North Texas Daily

Knights of pizza: a day in the life told through delivery

Knights of pizza: a day in the life told through delivery

Hannah Ridings | Senior Staff Photographer

Knights of pizza: a day in the life told through delivery
August 25
11:24 2015

Erica Wieting | Features Editor


A hastily-parked red Mustang idles between the fading lines of a parking spot.

Thrown open, the driver’s side door lets warm evening air into the car. Sprinting into TJ’s pizza, 21-year-old pizza delivery driver Jacob Long retrieves a two-liter Dr. Pepper he forgot to bring on a trip to Clark Hall. He jumps back into his car and peels away from the parking lot, speeding down Denton’s bumpy roads faster than the posted speed limit.

“Usually cops are a lot nicer to us because they know we are in a hurry and they know we are on the job,” he said. “I’ve only gotten one speeding ticket and a bunch of warnings.”

Long has been a TJ’s delivery driver since August 2014, and now he said he has about 80 percent of Denton’s streets memorized.

“It helps because when you see the street name pop up,” Long said. “You know which area you will be delivering to.”

The perpetual construction on Denton’s roads make detours a necessity. Fortunately, Long has become acquainted with alternate routes so he can make it to his destination.

“University is the worst because it’s down to two lanes,” Long said. “Sometimes I go down Eagle and take Windsor, or I’ll take Cordell down to Malone.”

Longer trips mean more quality time spent with his car. Long said he can predict how many deliveries he can make on what he has left in his gas tank.

“I don’t worry about gas much anymore,” he said. “I have 48 miles until I’m empty. I’ll probably last until we close at 2.”

After the city-wide texting ban went into effect in May 2014, drivers have had to be wary of peeking at their phones while behind the wheel. As someone whose job depends on his car, Long is extra cautious of the potential distraction.

Hannah Ridings | Senior Staff Photographer

Waiting outside of doors is the only time delivery driver Jacob Long stands still on his night shift at TJ’s Pizza. Hannah Ridings | Senior Staff Photographer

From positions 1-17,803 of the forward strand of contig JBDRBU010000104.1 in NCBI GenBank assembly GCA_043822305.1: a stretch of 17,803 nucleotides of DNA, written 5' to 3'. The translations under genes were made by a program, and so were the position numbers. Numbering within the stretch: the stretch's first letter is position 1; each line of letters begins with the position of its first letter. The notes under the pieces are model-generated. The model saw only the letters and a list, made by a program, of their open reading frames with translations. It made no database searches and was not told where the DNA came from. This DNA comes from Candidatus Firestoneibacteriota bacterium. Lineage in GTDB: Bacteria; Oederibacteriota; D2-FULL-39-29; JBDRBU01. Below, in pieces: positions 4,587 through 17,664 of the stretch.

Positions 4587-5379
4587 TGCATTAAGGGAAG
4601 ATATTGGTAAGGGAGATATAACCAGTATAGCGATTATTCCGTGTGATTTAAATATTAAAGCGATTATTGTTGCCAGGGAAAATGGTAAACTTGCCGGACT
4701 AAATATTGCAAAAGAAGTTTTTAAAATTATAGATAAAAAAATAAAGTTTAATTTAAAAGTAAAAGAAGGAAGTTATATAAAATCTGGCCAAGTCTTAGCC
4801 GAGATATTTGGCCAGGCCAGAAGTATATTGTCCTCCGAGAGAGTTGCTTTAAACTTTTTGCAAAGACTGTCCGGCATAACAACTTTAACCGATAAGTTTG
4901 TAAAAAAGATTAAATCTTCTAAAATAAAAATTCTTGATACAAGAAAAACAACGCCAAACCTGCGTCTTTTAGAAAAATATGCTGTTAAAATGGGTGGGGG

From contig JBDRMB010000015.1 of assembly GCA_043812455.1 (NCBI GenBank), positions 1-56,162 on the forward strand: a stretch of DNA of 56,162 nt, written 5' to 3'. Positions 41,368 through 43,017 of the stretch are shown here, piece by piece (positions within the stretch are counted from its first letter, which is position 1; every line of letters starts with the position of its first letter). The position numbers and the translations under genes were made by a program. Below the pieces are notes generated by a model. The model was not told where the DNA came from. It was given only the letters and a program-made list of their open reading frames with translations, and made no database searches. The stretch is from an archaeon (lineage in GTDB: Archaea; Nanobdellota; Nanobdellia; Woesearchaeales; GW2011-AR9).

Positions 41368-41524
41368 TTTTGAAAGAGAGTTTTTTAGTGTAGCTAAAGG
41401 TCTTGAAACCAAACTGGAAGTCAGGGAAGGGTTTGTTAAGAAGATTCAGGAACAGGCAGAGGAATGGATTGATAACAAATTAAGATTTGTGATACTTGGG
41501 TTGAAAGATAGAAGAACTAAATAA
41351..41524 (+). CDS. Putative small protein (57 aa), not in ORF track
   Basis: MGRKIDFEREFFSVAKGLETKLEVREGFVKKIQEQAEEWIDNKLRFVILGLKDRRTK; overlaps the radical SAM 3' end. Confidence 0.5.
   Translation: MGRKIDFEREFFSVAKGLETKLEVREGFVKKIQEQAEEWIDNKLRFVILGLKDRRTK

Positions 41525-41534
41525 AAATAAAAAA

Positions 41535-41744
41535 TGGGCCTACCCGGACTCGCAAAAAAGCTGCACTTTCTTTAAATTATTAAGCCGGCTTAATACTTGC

“I’ve gotten in the habit of listening to the radio more instead of being on my phone while in the car,” he said. “I listen to NPR a lot.”

During his year at the restaurant, Long has come to recognize some familiar faces.

“I deliver to Tommy once or twice a week,” he said about a familiar customer on Chestnut Street. “I usually work four to five nights a week.”

With the summer months coming to an end and students moving back to campus, pizza demands have nearly doubled in the past week. The Denton County Fair was another reason for the spike in sales.

“It’s only been three days since students have moved into the dorms and we’re already busier than we have been all summer,” Domino’s Pizza manager Candace Vomvas said. “During the summer months, we run about half the amount of business.”

At midnight, after a long shift at TJ’s, cook Jacob Bounds takes a much-needed smoke break outside the building.

“We are coming up on 200 tickets,” Bounds said. “Usually during the summer we will be around only 100 or 120.”

TJ’s staff members said business at the restaurant has been steadily increasing since it opened.

“Everyone is realizing it’s the place to order from when you get out of the bars,” Long said.

TJ’s is open until 2 a.m. Thursday through Saturday, making it the perfect choice for designated drivers to grab some grub for their friends.

For Long, the recent increase in business means taking three orders per ride instead of his usual one. But the more pies he can deliver, the more tips he can get.

“A lot of people don’t realize that we make less than minimum wage,” Long said. “We make $6 an hour plus tips, and people take that for granted.”

Long has almost doubled his tips this week due to the rise in pizza demands. In an average night, he makes around $60 or $70 in tips. Now he pulls in around $100 per shift.

“$3 is average. $5 is a good tip,” he said. “20% is what you should tip.”

Hannah Ridings | Senior Staff Photographer

Jacob Long pauses in his car to check an order before heading into an apartment complex to make his delivery. Hannah Ridings | Senior Staff Photographer

Things can also get a little dangerous in the life of a pizza delivery driver.

Long said people often ask him for money because they know he probably has cash, and drunk people sometimes try to crash into him with their cars.

“In the sketchier parts of Denton we try to have bigger guys going out,” Long said. “People who we know wouldn’t be messed with.”

Once, when he was delivering to 33 Degrees North, the triangular magnet displaying the TJ’s logo on top of his car was stolen.

“I parked in the complex and went to take the order,” Long said. “When I came back down it was gone. The poor little guy.”

The dangers of the job don’t overshadow one of Long’s favorite aspects of being a pizza delivery driver: giving away pizza to people who need it. Homeless people sometimes stop Long during his routes to ask for money or food.

“We always have mess-ups in the kitchen,” he said. “So I’ll tell [homeless people] that they can stop by the kitchen to pick up a mess up.”

Editor’s Note: Reporting for this story was done by Kelsey Medina | Staff Writer.

Featured Image: Jacob Long looks at his ticket orders at TJ’s pizza before heading out to deliver. Hannah Ridings | Senior Staff Photographer

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